Глобальный индекс экосистем стартапов 2022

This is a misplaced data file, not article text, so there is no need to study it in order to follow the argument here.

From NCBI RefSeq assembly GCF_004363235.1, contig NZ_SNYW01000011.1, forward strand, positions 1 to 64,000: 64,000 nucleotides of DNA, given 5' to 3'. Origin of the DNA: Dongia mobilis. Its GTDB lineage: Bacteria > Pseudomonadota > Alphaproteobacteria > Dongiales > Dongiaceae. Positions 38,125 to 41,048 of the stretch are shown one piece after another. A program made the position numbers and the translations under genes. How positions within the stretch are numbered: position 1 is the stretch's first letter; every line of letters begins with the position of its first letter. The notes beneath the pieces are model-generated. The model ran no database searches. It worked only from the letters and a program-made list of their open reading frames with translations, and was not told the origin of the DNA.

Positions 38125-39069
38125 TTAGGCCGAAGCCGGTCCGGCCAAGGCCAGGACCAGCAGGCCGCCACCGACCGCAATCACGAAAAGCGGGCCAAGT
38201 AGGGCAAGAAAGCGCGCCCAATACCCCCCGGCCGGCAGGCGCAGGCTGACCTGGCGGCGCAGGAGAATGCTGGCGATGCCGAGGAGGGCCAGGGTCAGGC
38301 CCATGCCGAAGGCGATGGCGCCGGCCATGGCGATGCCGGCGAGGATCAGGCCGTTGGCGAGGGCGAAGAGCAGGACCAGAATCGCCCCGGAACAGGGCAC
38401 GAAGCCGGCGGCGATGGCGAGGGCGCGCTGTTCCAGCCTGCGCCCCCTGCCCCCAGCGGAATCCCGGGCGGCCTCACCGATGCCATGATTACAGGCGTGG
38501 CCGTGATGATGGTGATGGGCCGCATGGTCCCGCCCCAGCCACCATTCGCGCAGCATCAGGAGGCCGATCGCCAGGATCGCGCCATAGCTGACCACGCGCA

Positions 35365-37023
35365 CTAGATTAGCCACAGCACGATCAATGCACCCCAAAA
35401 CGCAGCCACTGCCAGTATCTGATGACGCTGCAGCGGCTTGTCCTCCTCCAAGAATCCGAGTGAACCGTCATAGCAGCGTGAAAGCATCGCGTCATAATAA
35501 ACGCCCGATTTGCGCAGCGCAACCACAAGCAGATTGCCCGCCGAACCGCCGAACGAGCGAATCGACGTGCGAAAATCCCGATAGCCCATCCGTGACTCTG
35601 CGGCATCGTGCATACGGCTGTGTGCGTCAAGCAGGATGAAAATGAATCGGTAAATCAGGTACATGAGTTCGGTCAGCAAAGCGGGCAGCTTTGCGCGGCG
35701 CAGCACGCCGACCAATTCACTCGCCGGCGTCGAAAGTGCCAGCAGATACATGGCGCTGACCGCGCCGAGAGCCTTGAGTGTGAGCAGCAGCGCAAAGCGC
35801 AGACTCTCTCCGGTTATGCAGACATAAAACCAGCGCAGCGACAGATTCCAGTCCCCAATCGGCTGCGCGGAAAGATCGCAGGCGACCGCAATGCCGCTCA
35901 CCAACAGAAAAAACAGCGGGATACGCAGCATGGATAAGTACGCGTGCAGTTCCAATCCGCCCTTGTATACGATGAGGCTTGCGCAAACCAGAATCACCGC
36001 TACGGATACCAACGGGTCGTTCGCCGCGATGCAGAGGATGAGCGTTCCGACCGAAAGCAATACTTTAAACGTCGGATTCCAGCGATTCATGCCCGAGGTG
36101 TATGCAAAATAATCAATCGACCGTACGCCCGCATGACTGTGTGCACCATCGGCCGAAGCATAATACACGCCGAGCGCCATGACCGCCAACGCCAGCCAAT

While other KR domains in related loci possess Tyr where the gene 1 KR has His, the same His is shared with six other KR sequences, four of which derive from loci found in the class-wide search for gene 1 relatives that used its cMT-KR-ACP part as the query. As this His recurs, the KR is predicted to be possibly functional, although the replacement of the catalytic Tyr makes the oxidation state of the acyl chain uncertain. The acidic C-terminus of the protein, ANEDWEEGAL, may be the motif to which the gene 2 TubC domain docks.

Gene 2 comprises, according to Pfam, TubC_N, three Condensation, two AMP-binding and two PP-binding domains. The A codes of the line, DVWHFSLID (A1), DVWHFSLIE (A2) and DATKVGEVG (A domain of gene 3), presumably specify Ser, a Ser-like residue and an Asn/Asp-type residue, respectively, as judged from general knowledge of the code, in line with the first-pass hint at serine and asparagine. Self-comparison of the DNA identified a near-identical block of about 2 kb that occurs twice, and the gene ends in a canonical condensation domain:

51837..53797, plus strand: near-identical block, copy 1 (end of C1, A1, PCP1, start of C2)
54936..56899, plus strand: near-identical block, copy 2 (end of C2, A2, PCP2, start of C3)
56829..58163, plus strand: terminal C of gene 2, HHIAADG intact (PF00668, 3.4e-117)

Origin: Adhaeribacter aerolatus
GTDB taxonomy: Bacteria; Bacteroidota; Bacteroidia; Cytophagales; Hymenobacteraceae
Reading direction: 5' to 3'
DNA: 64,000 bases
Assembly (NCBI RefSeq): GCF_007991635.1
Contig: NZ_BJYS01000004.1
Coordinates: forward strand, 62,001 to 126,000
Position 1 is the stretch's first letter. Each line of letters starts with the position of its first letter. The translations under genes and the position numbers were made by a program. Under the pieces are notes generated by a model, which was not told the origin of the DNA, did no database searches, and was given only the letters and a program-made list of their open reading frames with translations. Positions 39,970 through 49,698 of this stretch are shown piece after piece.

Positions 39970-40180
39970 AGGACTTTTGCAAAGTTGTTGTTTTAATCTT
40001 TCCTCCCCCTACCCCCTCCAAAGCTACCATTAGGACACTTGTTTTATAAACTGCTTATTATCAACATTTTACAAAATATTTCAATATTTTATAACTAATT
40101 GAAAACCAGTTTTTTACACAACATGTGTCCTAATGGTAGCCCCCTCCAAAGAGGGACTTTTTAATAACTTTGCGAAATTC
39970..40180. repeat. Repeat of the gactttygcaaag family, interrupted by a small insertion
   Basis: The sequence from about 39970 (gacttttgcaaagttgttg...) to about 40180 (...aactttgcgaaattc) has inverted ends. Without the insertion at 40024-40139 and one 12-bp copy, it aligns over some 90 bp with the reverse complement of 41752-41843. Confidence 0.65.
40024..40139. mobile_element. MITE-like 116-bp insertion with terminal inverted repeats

2022 | StartupBlink View the Global Startup Map p. 105 Positive momentum in their national rankings can be seen for Malaga as well, ranked 6th in Spain and 351st in the world, yet Malaga dropped 58 spots globally. This positive national momentum for Seville and Malaga can be explained by the decrease of other ecosystems, including Las Palmas de Gran Canaria (ranked 360th) and Santa Cruz de Tenerife (ranked 372nd). Improvements in Spain’s startup scene can be seen at the level of its lowest tier: Donostia-San Sebastian jumped 193 spots to 414th and Pamplona made a meteoric jump of 378 places to 430th. Significant momentum was registered also in Oviedo, A Coruna, Alicante, and Castellon de la Plana. Spain excels in the Quantity score where it ranks 7th in the world, boasting a multitude of ecosystems. Some of the new ecosystems that have entered the top 1000 this year are Córdoba, Valladolid, Lleida, Reus, Elche, Vigo, Manresa, Granollers, Cadiz, Salamanca, Sant Just Desvern, and Almería. This brings the total number of Spanish ecosystems in the top 1000 to 39, a substantial increase from last year’s 28 cities. Such an increase in the number of ranked cities is a very positive sign of a maturing ecosystem; it somewhat compensated for the negative momentum of Spain's top 8 ecosystems. In order to reverse its decline in the Index, Spain should further invest in growing these smaller ecosystems while helping larger ecosystems regain their competitiveness in the global arena. Startup Ecosystem Overview The Spanish startup ecosystem is younger than other European countries and offers entrepreneurs a more affordable cost of living, in addition to an abundance of sunny weather. Unlike most centric European countries, Spain is blessed with two strong ecosystems, Barcelona and Madrid. While these two cities are the backbone of the Spanish startup scene, a lot of innovation and talent has come out of Valencia and other younger startup ecosystems in Spain. However, Spain needs to create more global startups to help lead its ecosystems, and prevent brain drain by providing opportunities to its most ambitious talent. Ironically, long-term high unemployment rates in Spain have had positive effects on the Spanish startup ecosystem, as the difficulty in finding high quality jobs pushes more people toward entrepreneurship. This phenomenon is especially relevant in times of crisis when the social safety net is contracting. Regulations to help attract talent have already been established, and foreign entrepreneurs can use an entrepreneur visa or Start Up visa to establish a company in Spain. Spain’s economy is known for its red tape and bureaucracy, which needs to be confronted in order to allow startups to truly advance. Addressing the challenge of regulation reform, the Spanish government has launched the Spain Entrepreneurial Nation, a tenyear plan to position Spain’s brand as a country focused on innovation and entrepreneurship.